What’s Their Secret? - Alcohol, caffeine and doughnuts are among their don’ts. Their dos: plenty of fiber and exercise. The Pinkstons have 160 years of clean living between them.
In 1983, the life expectancy for women in the United States was 78 years old. For men, it was 71. Today, although there are no firm figures, those persons aged 85 and older make up the fastest - growing group in the nation.
--Dr. Loren G. Lipson, chief of Geriatric Medicine, USC.
Marion and Myron Pinkston sometimes wonder what life will be like when they get old.
At age 80, they have scarcely been sick in their lives. During his 40-year career as a salesman, Myron never missed a day. He still has most of his teeth and hasn’t had a cold or a headache in five years.
Myron spends his days tending the couple’s vegetable garden, where 12 prolific tomato bushes, green beans, eggplant and green peppers are grown. Occasionally, he takes on a woodcrafting job in the workshop he built for himself nearly 30 years ago.
He recently fashioned four bookcases for a friend in just six weeks. Before that, he designed cedar chests for his three granddaughters.
Most of Marion’s time is devoted to maintaining the nutritional quality of their diets. She clips recipes and studies publications that provide health information, which she translates into the couple’s daily living.
The Los Angeles couple leads a sober life. They get plenty of rest, about eight hours each night, and exercise regularly. Their diet is varied and balanced.
The Pinkstons are Mormons.
“As church people, we are very health conscious,” said Myron. “We’ve never had tobacco, alcohol, coffee or tea because our religion restricts us from anything that is addictive.”
Researchers continue to search for a link between the tenets of the Mormon church and the low cancer-mortality rate among its members. A study in the Journal of the National Cancer Institute found that Mormons experience lower rates of breast and colon cancer, but noted that a dietary connection hasn’t been established.
The stronger hypothesis, cancer experts postulate, is that a reduced-stress lifestyle is responsible.
Whichever is the case, the Pinkstons take advantage of both virtues.
“We respect the wishes of the church. . . . Our eating habits were set by our mothers,” Marion said.
“We’re used to plain, simple meals. I think we exercise enough and we sleep well. Neither of us has had much time to think about ourselves. We just live day to day.”
In most ways, they aren’t much different from most people their age. Their appetites aren’t as strong as they once were, and they don’t hear as well as they used to. And despite their superb physical condition, health for the bespectacled duo is still a critical issue.
Health experts agree that since the aging process is inevitable, an emphasis on good health and better nutrition can, at the very minimum, make life during the Golden Years more pleasant. The Pinkstons follow this philosophy as well.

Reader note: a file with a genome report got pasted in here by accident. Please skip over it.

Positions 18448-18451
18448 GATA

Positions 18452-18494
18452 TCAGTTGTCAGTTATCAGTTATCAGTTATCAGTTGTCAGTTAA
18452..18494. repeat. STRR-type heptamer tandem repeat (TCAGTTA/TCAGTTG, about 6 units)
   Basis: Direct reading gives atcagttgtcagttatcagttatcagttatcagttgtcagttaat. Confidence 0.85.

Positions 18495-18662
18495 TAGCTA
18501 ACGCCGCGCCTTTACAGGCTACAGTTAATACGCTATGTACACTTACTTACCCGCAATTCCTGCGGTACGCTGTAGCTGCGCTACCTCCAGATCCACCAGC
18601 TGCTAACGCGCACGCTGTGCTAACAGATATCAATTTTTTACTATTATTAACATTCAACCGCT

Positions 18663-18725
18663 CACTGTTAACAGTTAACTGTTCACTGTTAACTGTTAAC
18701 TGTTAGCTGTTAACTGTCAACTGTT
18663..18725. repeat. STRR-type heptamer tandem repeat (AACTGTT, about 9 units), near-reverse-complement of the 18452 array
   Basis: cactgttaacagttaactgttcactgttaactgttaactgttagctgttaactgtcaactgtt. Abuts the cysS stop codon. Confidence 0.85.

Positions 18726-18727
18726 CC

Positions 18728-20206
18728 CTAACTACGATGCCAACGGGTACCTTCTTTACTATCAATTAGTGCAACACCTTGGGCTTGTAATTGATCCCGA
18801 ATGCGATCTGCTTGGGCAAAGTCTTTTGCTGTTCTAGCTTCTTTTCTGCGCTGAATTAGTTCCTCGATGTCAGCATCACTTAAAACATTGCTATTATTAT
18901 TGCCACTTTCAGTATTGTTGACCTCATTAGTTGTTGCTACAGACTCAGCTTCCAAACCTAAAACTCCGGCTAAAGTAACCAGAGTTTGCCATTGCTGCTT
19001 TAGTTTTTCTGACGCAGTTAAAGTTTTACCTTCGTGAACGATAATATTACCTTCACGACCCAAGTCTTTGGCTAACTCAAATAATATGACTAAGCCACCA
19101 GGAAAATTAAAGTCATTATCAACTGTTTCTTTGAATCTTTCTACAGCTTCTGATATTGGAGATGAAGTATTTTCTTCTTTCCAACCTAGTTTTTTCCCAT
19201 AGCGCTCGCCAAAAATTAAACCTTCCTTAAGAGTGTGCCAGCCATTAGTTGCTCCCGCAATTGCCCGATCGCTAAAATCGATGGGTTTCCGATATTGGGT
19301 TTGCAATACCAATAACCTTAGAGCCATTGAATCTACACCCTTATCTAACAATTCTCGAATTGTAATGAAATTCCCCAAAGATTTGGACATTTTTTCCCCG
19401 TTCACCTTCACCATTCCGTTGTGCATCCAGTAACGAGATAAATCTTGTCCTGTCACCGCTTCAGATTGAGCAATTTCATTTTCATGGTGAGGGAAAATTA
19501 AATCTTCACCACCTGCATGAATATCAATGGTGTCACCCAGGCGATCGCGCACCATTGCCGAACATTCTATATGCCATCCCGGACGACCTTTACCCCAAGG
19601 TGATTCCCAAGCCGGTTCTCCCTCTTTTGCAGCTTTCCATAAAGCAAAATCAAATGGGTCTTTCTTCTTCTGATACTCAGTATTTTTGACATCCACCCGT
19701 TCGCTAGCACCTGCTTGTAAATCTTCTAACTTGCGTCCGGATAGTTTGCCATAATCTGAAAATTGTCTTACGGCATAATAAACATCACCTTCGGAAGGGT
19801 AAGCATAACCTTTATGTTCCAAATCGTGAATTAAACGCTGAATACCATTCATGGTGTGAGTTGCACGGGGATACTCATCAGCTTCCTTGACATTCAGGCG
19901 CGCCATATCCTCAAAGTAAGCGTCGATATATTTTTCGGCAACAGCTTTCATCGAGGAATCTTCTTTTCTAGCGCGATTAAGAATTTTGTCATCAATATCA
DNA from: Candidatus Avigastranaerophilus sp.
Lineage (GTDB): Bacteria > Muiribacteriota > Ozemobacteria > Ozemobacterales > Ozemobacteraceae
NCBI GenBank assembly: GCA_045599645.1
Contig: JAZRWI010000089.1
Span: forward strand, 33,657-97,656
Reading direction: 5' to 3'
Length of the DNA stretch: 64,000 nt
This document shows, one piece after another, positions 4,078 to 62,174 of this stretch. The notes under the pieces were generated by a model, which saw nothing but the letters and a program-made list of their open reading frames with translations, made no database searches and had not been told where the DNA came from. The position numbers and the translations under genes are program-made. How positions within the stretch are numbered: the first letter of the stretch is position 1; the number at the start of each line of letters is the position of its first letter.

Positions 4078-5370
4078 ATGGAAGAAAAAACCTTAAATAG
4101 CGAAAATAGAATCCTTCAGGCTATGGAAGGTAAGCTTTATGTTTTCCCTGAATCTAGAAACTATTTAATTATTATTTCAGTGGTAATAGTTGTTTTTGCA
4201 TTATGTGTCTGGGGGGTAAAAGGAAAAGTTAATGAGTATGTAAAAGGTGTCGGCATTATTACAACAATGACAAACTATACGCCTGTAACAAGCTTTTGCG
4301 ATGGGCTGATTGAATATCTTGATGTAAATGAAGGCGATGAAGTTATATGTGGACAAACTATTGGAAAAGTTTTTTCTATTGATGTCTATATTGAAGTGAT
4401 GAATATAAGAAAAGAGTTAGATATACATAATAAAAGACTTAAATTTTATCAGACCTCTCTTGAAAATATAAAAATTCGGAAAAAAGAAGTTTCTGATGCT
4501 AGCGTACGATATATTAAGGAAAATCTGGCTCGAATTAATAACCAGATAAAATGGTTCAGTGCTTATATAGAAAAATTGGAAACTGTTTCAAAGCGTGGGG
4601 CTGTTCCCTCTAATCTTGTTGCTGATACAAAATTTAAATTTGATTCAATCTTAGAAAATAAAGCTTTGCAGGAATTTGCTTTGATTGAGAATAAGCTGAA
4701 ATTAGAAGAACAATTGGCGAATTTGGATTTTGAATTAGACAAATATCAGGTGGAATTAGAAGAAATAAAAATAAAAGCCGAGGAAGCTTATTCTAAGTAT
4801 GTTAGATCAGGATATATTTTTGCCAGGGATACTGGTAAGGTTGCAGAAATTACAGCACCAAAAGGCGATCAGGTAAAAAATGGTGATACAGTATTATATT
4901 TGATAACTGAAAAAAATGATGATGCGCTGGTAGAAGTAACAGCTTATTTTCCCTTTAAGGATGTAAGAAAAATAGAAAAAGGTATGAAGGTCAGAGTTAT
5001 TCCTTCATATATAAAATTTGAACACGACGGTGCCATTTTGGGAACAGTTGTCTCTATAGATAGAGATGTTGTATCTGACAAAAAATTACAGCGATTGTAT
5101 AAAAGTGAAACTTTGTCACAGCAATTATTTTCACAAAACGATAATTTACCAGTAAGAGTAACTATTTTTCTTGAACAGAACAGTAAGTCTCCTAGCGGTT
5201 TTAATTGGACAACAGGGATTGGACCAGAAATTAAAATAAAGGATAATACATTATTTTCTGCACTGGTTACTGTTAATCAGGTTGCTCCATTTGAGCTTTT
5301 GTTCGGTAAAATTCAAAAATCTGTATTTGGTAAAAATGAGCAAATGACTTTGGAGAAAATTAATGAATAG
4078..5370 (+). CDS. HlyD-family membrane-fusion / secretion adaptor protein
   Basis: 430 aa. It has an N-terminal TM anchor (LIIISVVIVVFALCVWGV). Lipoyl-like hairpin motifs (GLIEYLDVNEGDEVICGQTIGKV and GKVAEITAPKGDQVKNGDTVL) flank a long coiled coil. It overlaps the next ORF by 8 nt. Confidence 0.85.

Although neither of them follows the type of medically supervised diets commonly prescribed at this age group, good nutrition is important to them. She keeps a watchful eye on their fiber intake, making sure they eat at least four servings of fruits and vegetables each day. They drink about a quart of nonfat milk daily.
“The fiber fad made a lot of sense and changed my approach to menu planning,” said Marion, who gives their menus a fiber boost by grinding wheat herself for use in the bread they consume.
Her “health loaf” combines all-purpose, freshly ground wheat and rye flours with oats, wheat germ, honey, marmalade, almond extract and nonfat milk.
The Pinkstons nibble on fresh fruit or half a diet wafer when afternoon hunger pangs strike. Marion says it helps to reduce the fat they eat and at the same time satisfies her insatiable sweet tooth.
She also likes to snack on dry breakfast cereals for between-meal treats, and Myron nibbles on popcorn.
Neither of them eats any packaged bakery products. “Doughnuts are out ,” says Marion .
Turkey and chicken make up most of the protein in their diets, although they do enjoy lean beef twice a week. Homemade soup, made from leftover roast and full of garden-fresh vegetables, is a particular favorite.
The greatest flaw in their diet, they say, is that they probably eat too much cheese. But since their diet is otherwise balanced, says Marion, “We don’t worry too much about it.”
Marion recently, conducted a day-long nutrition symposium for her church, during which she enlightened the “younger girls--the ones between the ages of 65 and 75,"--on health concerns ranging from increasing their intake of fish rich in omega-3 fatty acid to the importance of getting more fiber in their diets. She baked tofu-cakes for the participants and distributed handouts, which she clipped from newspapers and magazines.
Surprisingly, none of the typical declines that occur as the body ages--high blood pressure, a rise in blood cholesterol level, a slower metabolism, joint stiffness, gum disease, bone dismantling, reduced mental acuity or digestive problems--appear to effect Myron.
“He has a real stubborn streak about getting sick,” his wife bragged. “He must make five trips a day, minimum, up the hill to his workshop. Sometimes he comes down just to talk to me while he waits for the glue (on his projects) to dry.”
Marion has had similar good fortune with her health. Although 90% of the women in this country her age suffer from osteoporosis--a disease that makes bones brittle and often curves the spine--she shows no signs of it. Her physician says she’s “amazing” because she has a good heart beat, modest blood pressure, low cholesterol and a straight back.
They don’t take medication of any sort, another problem for the elderly. “I never have,” Myron boasts, “and I hope I never will.”
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